Patricia Croft from RBC Asset Management said, “Canada continues to be the envy of the world in regard to our fiscal position, and we can get out of it without having to raise taxes”. That is an important message for Canadians, and it is a very important message for the leader of the Liberal Party, who wants to raise taxes on hardworking middle-class Canadians.

Canada Pension Plan Investment Board
Oral Questions

2:25 p.m.

NDP

Jack Layton Toronto—Danforth, ON

Mr. Speaker, I know that the minister cannot get the words “$24 billion lost by these managers” out of his mouth, and he also cannot describe the magnitude of the bonuses, because if he ever said it, he knows Canadians would be upset about it.

It is time Conservatives took some action. This is Canadians' money we are talking about. Month after month, they pay into it. There are seniors living in poverty, and these guys reach out and grab millions. If they are doing such a great job, let them find a job somewhere else.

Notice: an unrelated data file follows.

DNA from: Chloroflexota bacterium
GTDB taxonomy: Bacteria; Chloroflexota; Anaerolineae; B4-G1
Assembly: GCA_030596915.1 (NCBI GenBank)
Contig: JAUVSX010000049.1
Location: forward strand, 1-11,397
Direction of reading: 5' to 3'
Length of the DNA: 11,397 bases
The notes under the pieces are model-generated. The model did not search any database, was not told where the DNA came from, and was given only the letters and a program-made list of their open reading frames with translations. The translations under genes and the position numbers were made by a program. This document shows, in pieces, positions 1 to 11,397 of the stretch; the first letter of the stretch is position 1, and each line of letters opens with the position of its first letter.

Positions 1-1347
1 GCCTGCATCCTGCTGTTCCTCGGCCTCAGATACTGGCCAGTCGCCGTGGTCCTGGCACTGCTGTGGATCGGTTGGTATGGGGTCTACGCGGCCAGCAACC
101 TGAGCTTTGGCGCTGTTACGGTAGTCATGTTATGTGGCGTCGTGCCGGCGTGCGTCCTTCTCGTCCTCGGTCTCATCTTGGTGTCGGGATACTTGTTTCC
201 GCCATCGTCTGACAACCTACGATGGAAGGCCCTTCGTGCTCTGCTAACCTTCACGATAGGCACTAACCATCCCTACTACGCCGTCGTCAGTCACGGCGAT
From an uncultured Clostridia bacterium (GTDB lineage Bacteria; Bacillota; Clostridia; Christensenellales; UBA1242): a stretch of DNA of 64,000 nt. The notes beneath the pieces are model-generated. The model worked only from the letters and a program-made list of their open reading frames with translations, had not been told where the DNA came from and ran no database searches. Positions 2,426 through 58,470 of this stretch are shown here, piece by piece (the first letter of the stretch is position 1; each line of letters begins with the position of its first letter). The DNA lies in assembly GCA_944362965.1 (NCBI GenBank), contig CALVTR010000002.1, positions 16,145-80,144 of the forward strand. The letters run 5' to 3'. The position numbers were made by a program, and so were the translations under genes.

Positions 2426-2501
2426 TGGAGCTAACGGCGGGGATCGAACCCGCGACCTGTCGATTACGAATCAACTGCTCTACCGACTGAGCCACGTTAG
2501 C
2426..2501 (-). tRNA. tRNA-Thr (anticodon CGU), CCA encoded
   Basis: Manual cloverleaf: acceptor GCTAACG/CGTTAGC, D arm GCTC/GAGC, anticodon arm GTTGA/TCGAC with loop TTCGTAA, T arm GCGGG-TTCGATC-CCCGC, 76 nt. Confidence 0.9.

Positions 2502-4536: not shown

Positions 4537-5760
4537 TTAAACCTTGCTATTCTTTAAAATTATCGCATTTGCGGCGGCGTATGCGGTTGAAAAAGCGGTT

Canada Pension Plan Investment Board
Oral Questions

2:25 p.m.

Ottawa West—Nepean
Ontario

Conservative

John Baird Minister of Transport

Mr. Speaker, it is unfortunate that the leader of the NDP wants to make derogatory comments about people who work in the public service and who work in the benefit of Canadians. What is increasingly clear is that maybe it will be the leader of the NDP who is looking for a job before anyone else in that regard.

Automotive Industry
Oral Questions

2:30 p.m.

Liberal

Frank Valeriote Guelph, ON

Mr. Speaker, the Prime Minister said “no recession”. There is one. The Minister of Finance predicted a surplus. Wrong again. Then he said we would have a $34 billion deficit, and it is now over $50 billion.

The government has lost all credibility when managing Canada's financial crisis. Is the Minister of Industry any better at math than the rest of the Conservative bench?